On the day that Rolling Thunder comes to Kansas City, there will be only 459 days left of Bush's residency in the White House -- that is, assuming he doesn't snag the election next November. We're hoping that nationwide rallies like this one will drum up enough visible leftist enthusiasm that Dubya will feel compelled to think about packing up his stuff -- his boots and his lasso -- this time next year. The idea of Rolling Thunder is that people can have some fun while raising a ruckus and learning a thing or two. After taking a workshop on electoral reform, they can turn around and get schooled in making movies on the cheap. The music lineup ought to keep things loud, an important part of any rally. Speakers such as Jim Hightower (the straight-talking author and radio personality) and Cecilia Zarate-Laun (an advocate for Colombia) keep things informative -- another important part of any rally. And with the food vendors lined up by Local Harvest, there should be plenty of good, Earth-friendly grub. Don't be caught unprepared when the March to Miami demonstration takes to the streets. The daylong event lasts from 10 a.m. to 11 p.m. at Penn Valley Community College, 3201 Southwest Trafficway. For details, see freespeechkc.org/rolling_thunder.htm.-- Gina Kaufmann
Third Friday lures a Faint side project.
Hesse McGraw has a name like a cartoon cowboy, but the man himself is more expressive. Way more. McGraw has assembled his posse: His Paragraph Gallery and the independent curators known as Your Face have met up, under the protection of the Urban Culture Project, to bring some smart sounds and images from outside Kansas City to the new downtown space. "It's been a long time coming," he says. And he doesn't stop there. "It's important for us to combine international with local artists." McGraw gives his tactical plans. There will be two video screens, DJs and raucous, shoot-'em-up sound and graphic work done on the spot. UCP wants to increase cultural activity and general revitalization in the area, treating downtown like a blank canvas. The highlight is Joel Peterson, whose side project, Broken Spindles, shows us that the Faint, unlike its dance-rock contemporaries, isn't a façade. The showdown is from 6 p.m. to midnight at the Paragraph Gallery, 25 East 12th Street.-- David Casey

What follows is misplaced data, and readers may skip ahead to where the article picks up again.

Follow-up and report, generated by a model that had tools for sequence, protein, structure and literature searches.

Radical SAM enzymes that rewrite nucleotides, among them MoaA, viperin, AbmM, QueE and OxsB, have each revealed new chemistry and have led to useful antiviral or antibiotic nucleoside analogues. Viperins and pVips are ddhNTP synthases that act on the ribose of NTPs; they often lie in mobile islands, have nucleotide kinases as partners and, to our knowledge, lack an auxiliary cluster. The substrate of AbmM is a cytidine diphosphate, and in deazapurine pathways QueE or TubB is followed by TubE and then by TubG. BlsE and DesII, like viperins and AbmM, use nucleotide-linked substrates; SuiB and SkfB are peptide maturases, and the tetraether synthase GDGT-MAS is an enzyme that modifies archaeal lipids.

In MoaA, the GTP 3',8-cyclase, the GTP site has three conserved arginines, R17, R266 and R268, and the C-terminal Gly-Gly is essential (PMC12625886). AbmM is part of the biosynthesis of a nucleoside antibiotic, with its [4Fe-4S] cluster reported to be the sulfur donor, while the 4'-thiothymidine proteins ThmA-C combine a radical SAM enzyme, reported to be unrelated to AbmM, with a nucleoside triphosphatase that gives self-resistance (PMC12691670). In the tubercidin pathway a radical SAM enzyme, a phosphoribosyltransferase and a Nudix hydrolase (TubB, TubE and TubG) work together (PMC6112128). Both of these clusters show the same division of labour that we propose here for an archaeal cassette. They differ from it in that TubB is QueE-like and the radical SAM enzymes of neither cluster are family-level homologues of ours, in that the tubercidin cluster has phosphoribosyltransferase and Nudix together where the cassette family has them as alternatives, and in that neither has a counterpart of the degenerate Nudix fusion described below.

The Bottleneck Spilleth Over.
There's nothing wrong with a twenty-minute cover of Neil Young's "Cortez the Killer." At least that's what fans on Built to Spill's message board are saying. According to Built to Spill fan sites, the grand anthem blasters wield a different set list almost every show, playing old and new material alongside covers of songs by Elton John and the Clash as well as by Young. The underground favorites have managed to keep an even keel for more than ten years, maintaining a loyal fanbase and critical recognition. Built to Spill plays the Bottleneck (737 New Hampshire Street in Lawrence) Monday at 9 p.m. with the Delusions and the Solace Brothers. For tickets, call 785-841-5483.-- Michael Vennard
It's OK if you don't like romance novels (though we think you may be missing out). You can still learn valuable lessons from the workshops -- like "Endearing the Flawed Character" -- scheduled for the Romantic Times Booklovers Convention Book Fair at the Westin Crown Center (1 East Pershing Road). If you do like the genre, don't miss Saturday's book fair, where more than 150 authors set up shop. For information, see www.rtbooklover.com.-- Kaufmann